4. The print should not be around NOX, sulfur, or other air carbon pollution/emission sources (specifically related to #2 because these two things react and cause yellowing even in papers with trace OBAs)

The elephant in the room is the paper (not the ink). Even dye ink is outlasting these ISO certified archival papers due to improper storage, pollution, and climate change + proprietary polymers in the papers surface that are not disclosed by the manufacturers.

So, in short, if you are thinking that this is just about the ink, and that you can rest assured that the big companies (Canson, Hahnemühle, etc) have your back when it comes to the paper, that is not the case. It’s the reverse at this point. Fade due to light exposure is only one small sliver of the equation.

The only ink paper combo that is truly contract-worthy without caveat clauses (IMO) is 100% carbon ink on uncoated paper using our UltraHD-MK ink to get the density (dMax) to around 1.63-ish. There are no OBAs or polymers in the paper to go funky and these uncoated papers have been around (and collected and still shown) since the 1500s.


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One note. The Reich CT Vellum works with Piezography ink and is 100% uncoated, archival*, made in a non-chlorinated plant, acid free, resistant to atmosphere due to its parchmentization, and can get to a dMax of 1.72 with our Ultra-HD MK ink.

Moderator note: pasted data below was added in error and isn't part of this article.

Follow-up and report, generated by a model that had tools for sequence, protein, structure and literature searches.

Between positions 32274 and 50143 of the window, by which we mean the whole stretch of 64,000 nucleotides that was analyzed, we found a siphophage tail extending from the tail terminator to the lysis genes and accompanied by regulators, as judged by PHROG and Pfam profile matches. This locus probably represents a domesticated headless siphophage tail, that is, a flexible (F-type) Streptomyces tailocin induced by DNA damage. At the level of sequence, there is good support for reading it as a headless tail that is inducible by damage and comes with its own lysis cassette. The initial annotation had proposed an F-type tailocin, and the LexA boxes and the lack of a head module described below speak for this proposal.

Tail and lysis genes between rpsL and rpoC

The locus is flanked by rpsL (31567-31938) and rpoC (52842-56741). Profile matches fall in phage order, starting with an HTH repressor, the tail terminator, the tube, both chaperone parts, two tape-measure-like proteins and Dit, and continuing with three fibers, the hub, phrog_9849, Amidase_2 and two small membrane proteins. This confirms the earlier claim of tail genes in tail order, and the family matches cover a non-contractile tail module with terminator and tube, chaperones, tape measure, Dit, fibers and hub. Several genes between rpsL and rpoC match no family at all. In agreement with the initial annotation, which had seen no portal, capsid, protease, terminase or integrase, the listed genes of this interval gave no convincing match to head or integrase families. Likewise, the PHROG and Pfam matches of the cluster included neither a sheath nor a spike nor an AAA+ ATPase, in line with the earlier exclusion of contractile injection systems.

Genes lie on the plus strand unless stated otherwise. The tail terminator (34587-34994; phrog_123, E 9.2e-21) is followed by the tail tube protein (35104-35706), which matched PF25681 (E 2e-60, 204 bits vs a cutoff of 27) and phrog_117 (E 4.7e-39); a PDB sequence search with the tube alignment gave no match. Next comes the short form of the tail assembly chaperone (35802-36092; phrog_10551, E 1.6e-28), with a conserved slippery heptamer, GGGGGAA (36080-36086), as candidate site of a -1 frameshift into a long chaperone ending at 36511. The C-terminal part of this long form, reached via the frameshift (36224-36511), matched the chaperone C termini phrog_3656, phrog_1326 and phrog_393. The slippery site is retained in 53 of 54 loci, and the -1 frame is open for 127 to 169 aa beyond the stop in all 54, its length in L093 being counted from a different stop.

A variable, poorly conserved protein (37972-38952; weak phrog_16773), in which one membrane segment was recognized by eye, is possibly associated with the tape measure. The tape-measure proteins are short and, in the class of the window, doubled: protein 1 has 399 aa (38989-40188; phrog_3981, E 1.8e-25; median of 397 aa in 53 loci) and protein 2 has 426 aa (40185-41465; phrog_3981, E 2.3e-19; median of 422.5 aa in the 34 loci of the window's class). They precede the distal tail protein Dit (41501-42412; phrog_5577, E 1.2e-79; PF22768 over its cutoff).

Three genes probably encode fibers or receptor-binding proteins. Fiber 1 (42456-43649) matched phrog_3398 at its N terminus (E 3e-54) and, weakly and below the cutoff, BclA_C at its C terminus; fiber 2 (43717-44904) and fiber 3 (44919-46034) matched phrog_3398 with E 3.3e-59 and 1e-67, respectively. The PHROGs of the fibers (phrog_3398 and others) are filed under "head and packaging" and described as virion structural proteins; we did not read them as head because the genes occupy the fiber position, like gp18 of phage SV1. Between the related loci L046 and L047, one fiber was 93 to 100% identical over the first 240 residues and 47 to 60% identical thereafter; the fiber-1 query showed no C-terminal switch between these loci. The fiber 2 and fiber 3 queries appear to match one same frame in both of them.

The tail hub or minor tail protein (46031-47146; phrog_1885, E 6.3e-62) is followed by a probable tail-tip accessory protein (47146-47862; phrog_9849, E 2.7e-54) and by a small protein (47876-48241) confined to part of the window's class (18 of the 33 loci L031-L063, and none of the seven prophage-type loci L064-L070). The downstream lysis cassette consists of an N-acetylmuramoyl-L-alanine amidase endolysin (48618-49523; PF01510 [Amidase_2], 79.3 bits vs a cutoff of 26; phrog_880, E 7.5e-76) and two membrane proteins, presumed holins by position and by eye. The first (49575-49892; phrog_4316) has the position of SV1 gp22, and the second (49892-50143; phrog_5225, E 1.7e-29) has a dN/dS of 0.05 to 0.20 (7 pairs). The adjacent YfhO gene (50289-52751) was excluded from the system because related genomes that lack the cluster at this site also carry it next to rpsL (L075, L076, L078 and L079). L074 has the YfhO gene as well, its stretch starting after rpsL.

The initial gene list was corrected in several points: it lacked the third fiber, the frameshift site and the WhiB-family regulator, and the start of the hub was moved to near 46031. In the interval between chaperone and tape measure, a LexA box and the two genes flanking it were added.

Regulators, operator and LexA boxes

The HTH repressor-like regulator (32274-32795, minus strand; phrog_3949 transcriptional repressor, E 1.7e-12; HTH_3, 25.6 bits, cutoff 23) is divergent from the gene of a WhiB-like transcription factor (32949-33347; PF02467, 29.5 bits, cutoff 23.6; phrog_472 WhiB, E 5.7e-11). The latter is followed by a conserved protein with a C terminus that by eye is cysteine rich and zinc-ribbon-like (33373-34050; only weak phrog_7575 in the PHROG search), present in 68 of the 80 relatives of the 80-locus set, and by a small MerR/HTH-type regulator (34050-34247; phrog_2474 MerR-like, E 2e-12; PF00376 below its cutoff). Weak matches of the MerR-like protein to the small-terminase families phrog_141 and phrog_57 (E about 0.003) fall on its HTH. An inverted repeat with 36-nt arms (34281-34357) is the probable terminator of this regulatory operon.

*as archival as vellums can get. Many vellum prints have made it hundreds of years.

I am aware of this, and in reality “archival” is subjective, but from a legal perspective a print yellowing or fading in 5 to 10 years is going to present a problem with an artist’s reputation versus a print that shows signs of yellowing or fading, etc. in 50 years. And obviously someone hanging a print in direct sun means that all bets are off. I also know that it is the paper that is the weak link and that paper with OBAs will darken over time, or even appear darker when a collector glazes with anti UV glass.